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Mrs. Spelman: To ask the Deputy Prime Minister pursuant to his answer of 27 October 2005, Official Report, column 489W, on respect, whether any payment is being made by his Department to the Home Office specifically for the Respect Unit functions. 
Jim Fitzpatrick: The Office of the Deputy Prime Minister has not made any payment directly to the Home Office for the Respect Unit's functions, although we have seconded a member of staff to work in the Unit.
Mr. Andrew Turner: To ask the Deputy Prime Minister how many cases have been referred to the Standards Board for England in the last 12 months for which information is available; and of these how many were (a) found to be cases where the code of conduct had not been breached, (b) found to be cases where it was inappropriate for further action to be taken and (c) referred for investigation by an ethical standards officer. 
Mr. Woolas: In the 200405 the Standards Board for England received 3,861 allegations that members of local authorities had breached the code of conduct for members. During that year, 1,543 allegations were not referred for investigation as the alleged conduct would not have involved a failure to comply with the code, 1,195 allegations were not referred for investigation because the allegations were found to be inappropriate for further action to be taken, and 949 allegations were referred for investigation.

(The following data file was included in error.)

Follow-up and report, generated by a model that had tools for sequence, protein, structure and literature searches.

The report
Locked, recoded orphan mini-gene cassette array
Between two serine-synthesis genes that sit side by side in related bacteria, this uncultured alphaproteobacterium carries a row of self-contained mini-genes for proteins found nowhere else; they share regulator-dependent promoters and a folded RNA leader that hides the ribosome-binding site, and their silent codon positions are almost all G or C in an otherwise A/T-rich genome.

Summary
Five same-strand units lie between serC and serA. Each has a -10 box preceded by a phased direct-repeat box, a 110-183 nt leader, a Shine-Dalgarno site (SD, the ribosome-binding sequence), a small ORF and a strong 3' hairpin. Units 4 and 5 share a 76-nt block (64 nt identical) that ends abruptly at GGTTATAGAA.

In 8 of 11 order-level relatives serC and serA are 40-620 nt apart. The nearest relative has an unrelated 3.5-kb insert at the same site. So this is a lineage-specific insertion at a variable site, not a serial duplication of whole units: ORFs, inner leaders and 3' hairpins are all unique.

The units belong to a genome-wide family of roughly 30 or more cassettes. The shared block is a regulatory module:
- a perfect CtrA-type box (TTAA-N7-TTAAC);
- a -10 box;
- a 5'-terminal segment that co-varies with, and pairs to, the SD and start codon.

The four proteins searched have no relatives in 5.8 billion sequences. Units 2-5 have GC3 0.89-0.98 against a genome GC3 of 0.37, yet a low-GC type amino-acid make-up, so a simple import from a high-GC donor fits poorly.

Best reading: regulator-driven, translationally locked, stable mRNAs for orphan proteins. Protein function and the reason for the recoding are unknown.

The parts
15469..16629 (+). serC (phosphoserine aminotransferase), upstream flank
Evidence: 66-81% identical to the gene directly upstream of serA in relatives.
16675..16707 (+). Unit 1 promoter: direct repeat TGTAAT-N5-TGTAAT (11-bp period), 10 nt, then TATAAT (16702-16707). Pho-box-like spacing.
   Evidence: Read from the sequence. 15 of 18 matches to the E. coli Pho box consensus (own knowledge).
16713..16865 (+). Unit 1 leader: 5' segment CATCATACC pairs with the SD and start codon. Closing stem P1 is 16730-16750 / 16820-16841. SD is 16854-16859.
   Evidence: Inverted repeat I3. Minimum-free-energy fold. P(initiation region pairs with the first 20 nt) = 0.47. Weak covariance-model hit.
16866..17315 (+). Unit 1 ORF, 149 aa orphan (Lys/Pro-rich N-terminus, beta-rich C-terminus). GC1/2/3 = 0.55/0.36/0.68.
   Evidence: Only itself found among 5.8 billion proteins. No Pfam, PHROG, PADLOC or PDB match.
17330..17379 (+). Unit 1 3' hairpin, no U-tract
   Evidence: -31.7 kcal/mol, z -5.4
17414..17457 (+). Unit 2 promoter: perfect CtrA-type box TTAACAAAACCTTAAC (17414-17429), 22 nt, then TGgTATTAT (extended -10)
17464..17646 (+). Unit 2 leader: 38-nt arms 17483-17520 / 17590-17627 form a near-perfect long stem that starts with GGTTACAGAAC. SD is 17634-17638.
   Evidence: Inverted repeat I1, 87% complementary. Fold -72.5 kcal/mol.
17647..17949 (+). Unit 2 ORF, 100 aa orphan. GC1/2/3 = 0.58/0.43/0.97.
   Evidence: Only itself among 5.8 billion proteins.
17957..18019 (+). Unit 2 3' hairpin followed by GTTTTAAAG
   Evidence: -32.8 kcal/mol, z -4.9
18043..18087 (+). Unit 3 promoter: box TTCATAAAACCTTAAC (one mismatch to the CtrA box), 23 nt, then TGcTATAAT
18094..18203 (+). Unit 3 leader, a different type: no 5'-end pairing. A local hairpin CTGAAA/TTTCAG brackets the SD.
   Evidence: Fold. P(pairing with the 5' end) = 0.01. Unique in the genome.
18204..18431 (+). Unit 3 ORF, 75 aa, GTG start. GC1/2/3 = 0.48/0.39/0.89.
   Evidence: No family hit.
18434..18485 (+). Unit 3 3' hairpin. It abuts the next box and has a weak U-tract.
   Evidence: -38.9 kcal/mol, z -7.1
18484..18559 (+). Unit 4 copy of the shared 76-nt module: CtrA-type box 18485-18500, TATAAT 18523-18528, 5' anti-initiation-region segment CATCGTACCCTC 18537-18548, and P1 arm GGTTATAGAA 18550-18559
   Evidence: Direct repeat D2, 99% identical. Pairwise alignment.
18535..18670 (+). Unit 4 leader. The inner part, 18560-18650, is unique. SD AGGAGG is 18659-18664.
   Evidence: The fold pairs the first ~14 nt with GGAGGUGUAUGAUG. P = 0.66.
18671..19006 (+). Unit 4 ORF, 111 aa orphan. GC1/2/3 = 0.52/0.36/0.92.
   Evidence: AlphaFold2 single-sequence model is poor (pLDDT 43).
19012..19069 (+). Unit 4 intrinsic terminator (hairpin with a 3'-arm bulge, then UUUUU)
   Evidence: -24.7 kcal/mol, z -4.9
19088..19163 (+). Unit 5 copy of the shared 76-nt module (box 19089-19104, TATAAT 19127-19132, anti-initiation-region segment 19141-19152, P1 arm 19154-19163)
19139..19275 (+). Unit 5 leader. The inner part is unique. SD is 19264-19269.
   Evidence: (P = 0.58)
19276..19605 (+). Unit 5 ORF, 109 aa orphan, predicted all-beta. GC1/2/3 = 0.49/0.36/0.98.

Mr. Andrew Turner: To ask the Deputy Prime Minister in how many cases referred by the Standards Board for England for investigation in the last 12 months for which figures are available it was found that (a) there was no evidence of failure to comply with the code, (b) no further action was required, (c) the matter should be referred to the monitoring officer of the local authority and (d) the matter should be referred to the adjudication panel. 
Mr. Andrew Turner: To ask the Deputy Prime Minister what the average cost of a case referred to the Standards Board for England was where the finding was (a) no breach, (b) no further action appropriate and (c) referred for investigation in the last 12 months for which figures are available. 
Mr. Woolas: The Standards Board for England estimates that the average cost for them to make a referral decision in 200405 was £225, regardless of the decision made. The Board does not separately record costs in respect of the specific referral decisions made.
Jim Fitzpatrick: The Office of the Deputy Prime Minister played a full part in preparing the UK Sustainable Development Strategy, Securing the Future", which was launched in March 2005. The UK Sustainable Development Strategy makes clear that sustainable communities represent sustainable development at a local level.
The Office of the Deputy Prime Minister will be producing a Sustainable Development Action Plan in December 2005, which will set out the steps the Office is taking to contribute to the delivery of the Strategy, including arrangements for monitoring progress.